BDC Now: iPhone Fans Are Not Patient People

The iPhone 6 won’t be available for purchase for nearly three weeks, but that hasn’t stopped some people from dedicating their every living moment to waiting for it outside the Apple store. That, New York’s cops learning how to tweet, and more on BDC Now with Jenny Johnson.

For Sale: Spot in Line to Buy Other Thing That is Also For Sale

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It doesn’t take much to drive Apple geeks crazy, but next Tuesday marks a very special occasion in the world of overpriced technology. On September 9, Apple is expected to announce the iPhone 6, which is basically like Christmas morning to these people. So it should come as no surprise that by Sunday there was already a small line outside the 5th Avenue Apple store in New York—a full nine days before the announcement will be made and an insane 19 days before the phone is actually expected to be in stores. Anticipation for this phone is so high that the two first people in line were able to sell their spots for $1,250, which is actually not a bad business model if you enjoy making money by literally standing around. But if you want to learn more about the iPhone 6 before it’s announced, don’t worry: you don’t have to spend weeks on end standing next to a bunch of people who haven’t showered and are evidently willing to lose their jobs to get a phone mere minutes before other people also get that same phone. Simply watch this video from the comfort of your own home. Sure, it’s in another language, but at least you get to ogle what appears to be the new iPhone’s sleek bod without having to endure the crushing realization that you have nothing better to do with your time than sit on a sidewalk in Manhattan for three weeks.

It’s Time For Colleges and Universities to Wake Up: Sexual Assault is a Real Problem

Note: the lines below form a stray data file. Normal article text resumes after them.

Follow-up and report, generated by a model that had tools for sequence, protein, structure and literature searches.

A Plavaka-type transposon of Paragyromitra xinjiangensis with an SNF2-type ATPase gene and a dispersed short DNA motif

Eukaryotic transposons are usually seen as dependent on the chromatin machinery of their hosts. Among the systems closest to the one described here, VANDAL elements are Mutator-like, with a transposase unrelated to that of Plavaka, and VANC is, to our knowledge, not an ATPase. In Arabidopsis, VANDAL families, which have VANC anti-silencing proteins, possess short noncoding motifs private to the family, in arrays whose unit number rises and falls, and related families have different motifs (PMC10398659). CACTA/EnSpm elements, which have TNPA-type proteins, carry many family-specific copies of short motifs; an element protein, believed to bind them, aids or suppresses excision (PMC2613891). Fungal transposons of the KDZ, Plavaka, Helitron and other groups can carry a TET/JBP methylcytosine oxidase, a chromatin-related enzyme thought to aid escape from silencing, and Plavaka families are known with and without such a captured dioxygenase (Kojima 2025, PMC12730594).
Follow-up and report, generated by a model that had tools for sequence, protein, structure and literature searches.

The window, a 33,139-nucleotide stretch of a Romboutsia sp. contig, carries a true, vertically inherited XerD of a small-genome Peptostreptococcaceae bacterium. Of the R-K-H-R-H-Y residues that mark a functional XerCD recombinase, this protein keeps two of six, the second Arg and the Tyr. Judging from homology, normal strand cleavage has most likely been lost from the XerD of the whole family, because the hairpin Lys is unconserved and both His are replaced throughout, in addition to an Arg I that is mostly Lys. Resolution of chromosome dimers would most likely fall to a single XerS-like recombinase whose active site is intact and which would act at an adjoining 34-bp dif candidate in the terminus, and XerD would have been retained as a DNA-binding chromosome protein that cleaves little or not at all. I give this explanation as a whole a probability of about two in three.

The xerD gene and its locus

Sexual assault on college campuses is getting out of hand. This year alone we have seen 55 schools (including six in Massachusetts) come under federal investigation for mishandling sexual violence complaints, another five schools added to that investigation later the same month, 3,000 people sign a petition calling for Williams College to improve how it handles sexual assault, and now, in the 11 days since classes started at the University of Iowa, there have already been three reported sexual assaults. So what in the world is it going to take to get some real attention on this issue? Columbia University senior Emma Sulkowicz has an idea and it’s a little more in-your-face than a petition. She intends to carry around a mattress until she no longer has to attend the same school as the man who allegedly assaulted her and two other women. Sulkowicz, a visual arts major, will be using the demonstration as her senior thesis and says the mattress is not only representative of the setting in which her attack took place, but also represented “carrying the weight of the memories that I have of that night and carrying the weight of how the school dismissed not only me but the other two women who reported against him.” When a school forces a student and sexual assault victim to literally carry around a bed in order to be heard, it’s not exactly a good look. Here’s hoping Columbia (and every other school) actually takes some action this time around.